Defeat enables necessary changes in India’s T20 culture

Defeat enables necessary changes in India’s T20 culture

The World T20 has been as much about cricket as it is about gestures done and not done.

Sport cannot exist in a vacuum, divorced from what happens in the world around it. Gestures performed on the field of play are heavily focused on unrealized gestures. If the Indian cricket team knelt in support of Black Lives Matter, a noble gesture, they were simultaneously telling us about lives that don’t matter at home.

The World T20 has been as much about cricket as it is about gestures done and not done. In India, we should remind ourselves of DLM (Dalit Lives Matter) and MLM (Muslim Lives Matter), but the players hide behind the cliché: sport and politics should not mix. But they do, whether we like it or not. Decades ago, George Orwell declared that all art is political. Perhaps all sport is also political. Cricket is often diplomacy (or war) by other means.

Black lives do matter in India, where West Indian cricketers have often complained of racist abuse by spectators and colleagues. The lives of Dalits, the lives of Muslims, the lives of women, the lives of tribes, the lives of farmers also matter.

If our players had knelt (or made some other gesture) in support of DLM or MLM, greater heroes would have emerged than if they had won the tournament. Perhaps I am being unfair here, falling into the trap of expecting a small group of athletes and Bollywood stars to draw attention to national issues when their primary focus is on their professions. And while those best placed to do so rarely do so.

But then consider the impact of Virat Kohli’s statement in support of Mohammed Shami, a Muslim who is shamelessly controlled by those who feel more “Indian” that way. Here’s a young man, a national icon who says what the act is and reminds the disgruntled, the insecure, the Islamophobes (many of whom look up to him as a cricketer) that his team will not allow such behavior to affect them. .

“Our brotherhood, our friendship within the team, nothing can be broken,” he said, a line that every Indian sick and tired of the disgusting trolling of public figures, especially if they are Muslim, should take in the larger context of the nation itself. We are by your side is a powerful sentiment and a comfort to those who, whatever their religion, have been falsely accused, imprisoned and treated inhumanely.

Kohli has plunged headlong into a national conversation, and that’s admirable. It doesn’t matter when he said it, but the message is clear. He wasn’t making excuses for the loss, he was defending a teammate. That’s what captains do.

Unsurprisingly, Kohli himself has now attracted trolls for taking such a stance. His wife has not been spared either, the mixture of inconsistencies and irrelevance barely conceals the evil of the attacks.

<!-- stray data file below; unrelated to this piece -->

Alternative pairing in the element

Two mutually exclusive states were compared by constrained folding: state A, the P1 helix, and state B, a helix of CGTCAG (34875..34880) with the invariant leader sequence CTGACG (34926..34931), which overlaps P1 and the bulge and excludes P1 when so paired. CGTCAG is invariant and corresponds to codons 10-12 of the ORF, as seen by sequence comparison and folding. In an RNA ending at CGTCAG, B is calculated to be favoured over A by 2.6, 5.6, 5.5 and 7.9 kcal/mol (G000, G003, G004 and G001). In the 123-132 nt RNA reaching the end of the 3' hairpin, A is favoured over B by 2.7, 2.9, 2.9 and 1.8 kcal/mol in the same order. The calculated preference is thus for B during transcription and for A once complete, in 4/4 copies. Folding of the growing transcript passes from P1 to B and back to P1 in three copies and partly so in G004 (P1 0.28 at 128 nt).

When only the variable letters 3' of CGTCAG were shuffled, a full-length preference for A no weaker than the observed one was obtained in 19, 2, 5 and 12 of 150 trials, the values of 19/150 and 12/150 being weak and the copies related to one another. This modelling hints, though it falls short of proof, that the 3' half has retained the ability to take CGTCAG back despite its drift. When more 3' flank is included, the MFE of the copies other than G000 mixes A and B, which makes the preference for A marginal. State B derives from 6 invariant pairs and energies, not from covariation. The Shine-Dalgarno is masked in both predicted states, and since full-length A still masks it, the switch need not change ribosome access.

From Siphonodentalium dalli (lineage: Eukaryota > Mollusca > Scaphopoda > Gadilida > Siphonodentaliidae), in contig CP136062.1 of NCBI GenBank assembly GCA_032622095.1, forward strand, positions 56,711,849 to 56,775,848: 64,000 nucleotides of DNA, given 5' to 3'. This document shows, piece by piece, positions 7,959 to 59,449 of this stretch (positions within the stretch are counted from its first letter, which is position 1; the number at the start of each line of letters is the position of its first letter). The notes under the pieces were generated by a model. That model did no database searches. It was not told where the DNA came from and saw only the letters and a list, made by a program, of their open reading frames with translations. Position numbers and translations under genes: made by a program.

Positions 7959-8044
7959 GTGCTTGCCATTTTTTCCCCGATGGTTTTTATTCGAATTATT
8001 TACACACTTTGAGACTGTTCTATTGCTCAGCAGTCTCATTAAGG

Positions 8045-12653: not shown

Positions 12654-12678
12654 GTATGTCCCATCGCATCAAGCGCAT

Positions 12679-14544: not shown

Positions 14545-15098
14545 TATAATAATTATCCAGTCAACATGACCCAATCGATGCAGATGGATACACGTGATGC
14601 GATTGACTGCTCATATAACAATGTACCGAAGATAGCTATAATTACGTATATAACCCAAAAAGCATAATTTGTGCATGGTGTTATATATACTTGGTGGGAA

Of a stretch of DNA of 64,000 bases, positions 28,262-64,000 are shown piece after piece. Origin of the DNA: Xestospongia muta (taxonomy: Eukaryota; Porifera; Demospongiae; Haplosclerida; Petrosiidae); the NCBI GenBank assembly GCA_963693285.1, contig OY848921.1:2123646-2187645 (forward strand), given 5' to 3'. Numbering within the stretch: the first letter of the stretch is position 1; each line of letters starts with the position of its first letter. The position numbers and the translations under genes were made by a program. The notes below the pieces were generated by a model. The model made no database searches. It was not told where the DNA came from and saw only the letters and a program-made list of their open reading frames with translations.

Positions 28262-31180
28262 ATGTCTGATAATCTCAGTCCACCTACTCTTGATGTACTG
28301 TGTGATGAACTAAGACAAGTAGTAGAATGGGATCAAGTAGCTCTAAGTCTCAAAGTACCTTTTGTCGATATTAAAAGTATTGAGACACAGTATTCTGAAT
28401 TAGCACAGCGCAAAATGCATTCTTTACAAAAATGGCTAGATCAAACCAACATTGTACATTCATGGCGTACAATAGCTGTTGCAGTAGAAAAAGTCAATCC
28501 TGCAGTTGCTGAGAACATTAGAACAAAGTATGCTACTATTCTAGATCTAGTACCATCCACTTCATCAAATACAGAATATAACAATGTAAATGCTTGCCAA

And you can expect worse from your fans-turned-trolls. The World T20 was not his best tournament; it was a tired and collapsed Indian team that led and not all the Dhonis and not all the Shastris were able to put it back together. Too much cricket, too many days in bubbles, bad strategy, bad planning all contributed to the poor performance of India. They managed to take just two wickets in the first two games and reached just six sixes.

“Sometimes bubble fatigue, mental fatigue creeps in when you’re doing the same thing over and over again,” Jasprit Bumrah said after the New Zealand game, and one can sympathize.

But this loss could be the best thing that could have happened to India in T20 cricket. It could lead to a culture change. It means that the new captain and new coach will have a free hand to change the essentially conservative nature of India’s approach. The T20 is a young men’s game, requiring a young captain who is not a leader who prioritizes safety and who does not take risks, but takes risks.

It would be a mistake to hand over the captaincy to Rohit Sharma, who is older and belongs to the Kohli school. KL Rahul is in her mid-30s. In many ways, the ideal choice would be Rishabh Pant.

He’s young (he just turned 24), he evolved as a player when T20 was already a thriving sport and not something you had to adapt to, and he’s the most dangerous hitter on the team. Teams tend to be built around the image of the captain (as a player and as a person), and what India needs is a t-shirt-like T20 team.

This also means a change in staff, as selectors shed conservatism and choose players from T20 tournaments regardless of their performances, be it first class or test cricket. T20 calls specialists and they must recognize this.

Kohli is only 33 years old. He has built a tight-knit team that any young captain will be happy to inherit.

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